author: Will Earley
The title gives the first two clues, though the information can be gleamed from the pictures as well. 'When you wish upon a thousand stars' is a reference to the fact that, according to legend, by folding a thousand origami cranes you are granted one wish. 'Ciphers' hints that there is a code to break.
Inspecting the images, the right one may be recognised as the net of a crane. If you don't recognise the net, however, then the lines may hint that folding is the appropriate step. The colours of the rainbow, ROYGBIV, give the order of folds (or an origami tutorial for the crane can be followed). There are also some letters on the image, but it is not obvious how they come together. Folding indeed results in a crane, and brings the letters together around the base. Reading these off gives uxujfsl.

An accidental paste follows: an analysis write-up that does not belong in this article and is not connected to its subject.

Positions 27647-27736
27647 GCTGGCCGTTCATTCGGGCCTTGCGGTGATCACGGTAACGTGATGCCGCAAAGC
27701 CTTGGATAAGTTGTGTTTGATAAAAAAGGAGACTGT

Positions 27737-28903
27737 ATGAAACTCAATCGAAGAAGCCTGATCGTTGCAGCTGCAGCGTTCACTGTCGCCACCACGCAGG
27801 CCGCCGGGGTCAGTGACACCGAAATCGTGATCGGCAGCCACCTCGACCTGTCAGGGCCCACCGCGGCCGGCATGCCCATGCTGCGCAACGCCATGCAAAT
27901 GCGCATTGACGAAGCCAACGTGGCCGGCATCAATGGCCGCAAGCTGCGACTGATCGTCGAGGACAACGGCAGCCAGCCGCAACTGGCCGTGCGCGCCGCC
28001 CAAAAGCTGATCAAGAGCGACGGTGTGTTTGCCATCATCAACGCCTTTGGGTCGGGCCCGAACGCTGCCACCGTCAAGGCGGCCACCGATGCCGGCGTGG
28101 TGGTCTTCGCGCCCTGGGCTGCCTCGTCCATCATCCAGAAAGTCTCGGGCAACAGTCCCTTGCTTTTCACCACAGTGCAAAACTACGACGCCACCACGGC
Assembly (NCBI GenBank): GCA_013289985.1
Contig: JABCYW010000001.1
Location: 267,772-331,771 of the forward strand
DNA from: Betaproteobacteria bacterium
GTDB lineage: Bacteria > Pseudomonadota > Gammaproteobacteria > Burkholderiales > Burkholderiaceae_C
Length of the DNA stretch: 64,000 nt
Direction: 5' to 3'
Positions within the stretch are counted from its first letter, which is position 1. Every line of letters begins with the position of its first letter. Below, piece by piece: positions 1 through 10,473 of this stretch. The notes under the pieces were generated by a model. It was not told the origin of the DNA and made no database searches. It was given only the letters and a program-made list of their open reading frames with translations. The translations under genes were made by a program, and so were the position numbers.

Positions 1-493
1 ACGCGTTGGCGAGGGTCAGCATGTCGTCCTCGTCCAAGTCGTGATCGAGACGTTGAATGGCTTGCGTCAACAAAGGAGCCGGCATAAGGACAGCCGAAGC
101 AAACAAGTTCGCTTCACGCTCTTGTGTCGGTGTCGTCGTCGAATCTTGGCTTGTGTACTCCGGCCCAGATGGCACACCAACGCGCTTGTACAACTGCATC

The left net can also be folded, though may not be immediately recognised. Red signals to cut, so there are two pieces that fit together. Folding each piece brings the yellow and green patches together, and directs how to arrange the two pieces to complete the final (green and yellow) folds, resulting in a shuriken. The final shuriken brings together the correct pairs of letters, giving the cipher.
Reversing the cipher on the ciphertext gives the final answer, paperfu.